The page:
Young people must be at the heart of the global recovery


The writer, HRH the Prince of Wales, is president and founder of the Prince’s Trust

The effects of this pandemic have been wide-ranging and long lasting. Young people, though less directly affected by the medical emergency of the pandemic, have been disproportionately impacted by the financial fallout. It has been reported that during the height of the pandemic, one in six young people were out of work globally.

Despite this difficult situation, I am heartened by initial findings from a piece of international research conducted by my Prince’s Trust on the future of work. The research highlights young people as truly global citizens, committed to caring for their communities and showing concern for wider environmental stewardship.

Since the early days of the Prince’s Trust in the 1970s, I have always believed in helping to develop the full potential of young people. My Trust has helped over 1m of these young people transform their lives, start careers and launch businesses, and now works in 18 countries around the world. Despite the pandemic, it is encouraging to hear that almost 80 per cent of young people surveyed believe that their generation can create solutions to some of the world’s biggest challenges.

Momentum is building and now is the time to create sustainable labour markets and help prepare young people for decent jobs which will transform energy, transport, manufacturing, agriculture, and our oceans. Today we have a chance to put young people at the very heart of a successful global recovery, which is also kind to the planet.

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The key to this is preparing young people for the future of work. We need to provide the opportunities and skills that allow the next generation to contribute to net zero ambitions. This is something that has the full support of my Trust and we have already seen a number of young people benefit. There is a willingness from the workforce of the future to enter more sustainable industries, with research findings showing that 74 per cent of young people would be interested in a green job, despite only 3 per cent having their main job in the sector, and a similar number interested in the digital economy.

Ben is one of these young people. Although once unemployed and struggling with his mental health, he is now thriving as a data analyst apprentice. Ben has made it clear how important it was for him to work in an organisation which he perceives as having strong sustainability and green policies.

My Prince’s Trust charities around the world are committed to the role that we can play in supporting young people to succeed in these emerging job markets. Already we are working on sustainable building in Australia and focusing on careers in urban nature and forestry in Canada. In Rwanda, Ghana and Nigeria we are working to upskill young people for work in green industries and, in Pakistan, we have focused on advancing green entrepreneurship.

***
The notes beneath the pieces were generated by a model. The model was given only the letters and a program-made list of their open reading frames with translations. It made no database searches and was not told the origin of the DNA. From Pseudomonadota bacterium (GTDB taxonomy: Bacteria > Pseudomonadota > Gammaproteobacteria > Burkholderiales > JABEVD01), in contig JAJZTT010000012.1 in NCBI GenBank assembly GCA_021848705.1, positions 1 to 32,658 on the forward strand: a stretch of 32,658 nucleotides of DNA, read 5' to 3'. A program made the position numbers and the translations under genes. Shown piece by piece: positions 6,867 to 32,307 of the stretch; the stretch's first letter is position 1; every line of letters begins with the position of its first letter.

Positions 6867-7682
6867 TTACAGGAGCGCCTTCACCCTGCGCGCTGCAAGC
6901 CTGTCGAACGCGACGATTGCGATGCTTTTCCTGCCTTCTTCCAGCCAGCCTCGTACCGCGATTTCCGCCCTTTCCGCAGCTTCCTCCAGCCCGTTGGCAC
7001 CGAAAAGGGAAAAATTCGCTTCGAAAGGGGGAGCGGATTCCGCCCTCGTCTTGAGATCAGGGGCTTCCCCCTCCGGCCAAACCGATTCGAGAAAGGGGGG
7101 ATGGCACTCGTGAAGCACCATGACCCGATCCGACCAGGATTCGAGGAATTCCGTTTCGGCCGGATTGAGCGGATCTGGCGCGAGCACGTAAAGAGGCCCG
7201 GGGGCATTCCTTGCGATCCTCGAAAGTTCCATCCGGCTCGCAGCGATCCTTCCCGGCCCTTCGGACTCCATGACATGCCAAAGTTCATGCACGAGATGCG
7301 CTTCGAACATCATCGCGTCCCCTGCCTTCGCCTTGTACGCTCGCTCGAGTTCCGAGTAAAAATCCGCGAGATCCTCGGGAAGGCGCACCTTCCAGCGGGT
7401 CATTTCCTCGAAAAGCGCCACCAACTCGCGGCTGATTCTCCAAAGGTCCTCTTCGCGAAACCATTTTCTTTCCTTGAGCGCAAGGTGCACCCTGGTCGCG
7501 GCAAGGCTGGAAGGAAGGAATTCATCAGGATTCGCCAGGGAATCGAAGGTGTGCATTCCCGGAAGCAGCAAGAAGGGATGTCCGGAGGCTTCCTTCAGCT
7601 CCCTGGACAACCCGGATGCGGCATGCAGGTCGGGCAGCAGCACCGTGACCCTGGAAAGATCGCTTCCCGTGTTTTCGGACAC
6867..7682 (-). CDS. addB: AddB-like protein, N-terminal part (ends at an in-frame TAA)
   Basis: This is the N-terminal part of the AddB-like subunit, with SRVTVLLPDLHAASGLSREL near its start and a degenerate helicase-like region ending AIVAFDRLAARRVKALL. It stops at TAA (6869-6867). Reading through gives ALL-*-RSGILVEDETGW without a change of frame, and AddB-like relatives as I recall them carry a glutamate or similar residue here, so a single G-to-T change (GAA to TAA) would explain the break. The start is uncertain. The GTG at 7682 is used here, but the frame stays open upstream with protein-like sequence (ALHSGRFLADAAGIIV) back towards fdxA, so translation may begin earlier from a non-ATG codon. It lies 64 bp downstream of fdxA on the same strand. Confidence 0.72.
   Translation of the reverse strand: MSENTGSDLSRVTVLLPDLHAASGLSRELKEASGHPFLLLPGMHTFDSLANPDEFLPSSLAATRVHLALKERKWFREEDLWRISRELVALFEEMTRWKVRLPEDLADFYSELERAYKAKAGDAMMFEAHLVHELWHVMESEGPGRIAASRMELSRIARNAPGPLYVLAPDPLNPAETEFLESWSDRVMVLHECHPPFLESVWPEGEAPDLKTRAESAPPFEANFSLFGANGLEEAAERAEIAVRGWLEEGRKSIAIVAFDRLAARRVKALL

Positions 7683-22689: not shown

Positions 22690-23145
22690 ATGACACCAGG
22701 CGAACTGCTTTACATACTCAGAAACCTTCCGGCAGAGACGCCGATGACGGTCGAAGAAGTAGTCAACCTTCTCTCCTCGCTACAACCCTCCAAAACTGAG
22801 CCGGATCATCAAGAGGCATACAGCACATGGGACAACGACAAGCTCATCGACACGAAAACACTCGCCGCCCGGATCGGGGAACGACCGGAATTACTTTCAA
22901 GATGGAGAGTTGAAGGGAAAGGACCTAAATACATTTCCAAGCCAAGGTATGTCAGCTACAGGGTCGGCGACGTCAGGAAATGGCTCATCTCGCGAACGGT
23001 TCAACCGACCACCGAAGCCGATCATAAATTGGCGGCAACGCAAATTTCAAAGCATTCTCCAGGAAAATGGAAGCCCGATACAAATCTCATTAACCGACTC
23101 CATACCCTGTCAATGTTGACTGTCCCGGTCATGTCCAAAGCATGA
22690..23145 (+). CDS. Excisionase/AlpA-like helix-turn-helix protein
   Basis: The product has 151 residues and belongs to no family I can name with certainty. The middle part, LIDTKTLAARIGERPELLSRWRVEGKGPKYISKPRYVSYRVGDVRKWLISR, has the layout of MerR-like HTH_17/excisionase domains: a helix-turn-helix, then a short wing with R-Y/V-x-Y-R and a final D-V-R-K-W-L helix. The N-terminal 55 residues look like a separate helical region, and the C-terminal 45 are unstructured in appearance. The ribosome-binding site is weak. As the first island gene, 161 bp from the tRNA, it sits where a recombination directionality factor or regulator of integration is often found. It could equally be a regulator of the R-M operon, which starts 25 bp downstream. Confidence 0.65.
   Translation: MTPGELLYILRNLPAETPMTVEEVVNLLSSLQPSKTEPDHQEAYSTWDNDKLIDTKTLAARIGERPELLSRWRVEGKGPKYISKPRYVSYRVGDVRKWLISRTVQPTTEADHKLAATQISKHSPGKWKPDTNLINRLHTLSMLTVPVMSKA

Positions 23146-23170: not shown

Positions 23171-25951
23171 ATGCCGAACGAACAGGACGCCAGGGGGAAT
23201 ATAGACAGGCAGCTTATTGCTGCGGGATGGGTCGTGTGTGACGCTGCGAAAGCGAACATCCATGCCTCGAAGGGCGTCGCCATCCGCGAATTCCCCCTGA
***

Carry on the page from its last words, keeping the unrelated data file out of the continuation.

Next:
In the UK, my Trust has been working hard in the face of high youth unemployment and a volatile jobs market to support young people in growing sectors such as digital, green technology and health and social care. I am immensely proud, for instance, of those young people who, during the pandemic, began vital work on the frontline to support our NHS.

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In Pakistan, a group of young men were challenged to develop a business idea within a school programme. The team developed an idea to recycle and sell second-hand clothes to help to eliminate waste. The determination and ambition of young people around the world continues to inspire me more than I can possibly say.

This work by my Prince’s Trust is part of a long journey, but it is the innovation of the private sector that can be truly harnessed to create millions of net zero, green jobs that can benefit today’s young people. This research will help to inform conversations with business leaders including the 300 who have signed up to my Terra Carta, a road map designed by the private sector to put sustainability at the heart of our economy. From these conversations, and further research with young people across the world, my Trust will launch a full report later this summer on the future of work.

Having suffered one of the greatest challenges to people’s lives and livelihoods in living memory, we now have an opportunity to create real, lasting change for our world. Forty-six years ago, I founded the Prince’s Trust on the basis that every young person deserves the chance to succeed. As we emerge from this pandemic, that mission is as important now as it was then.



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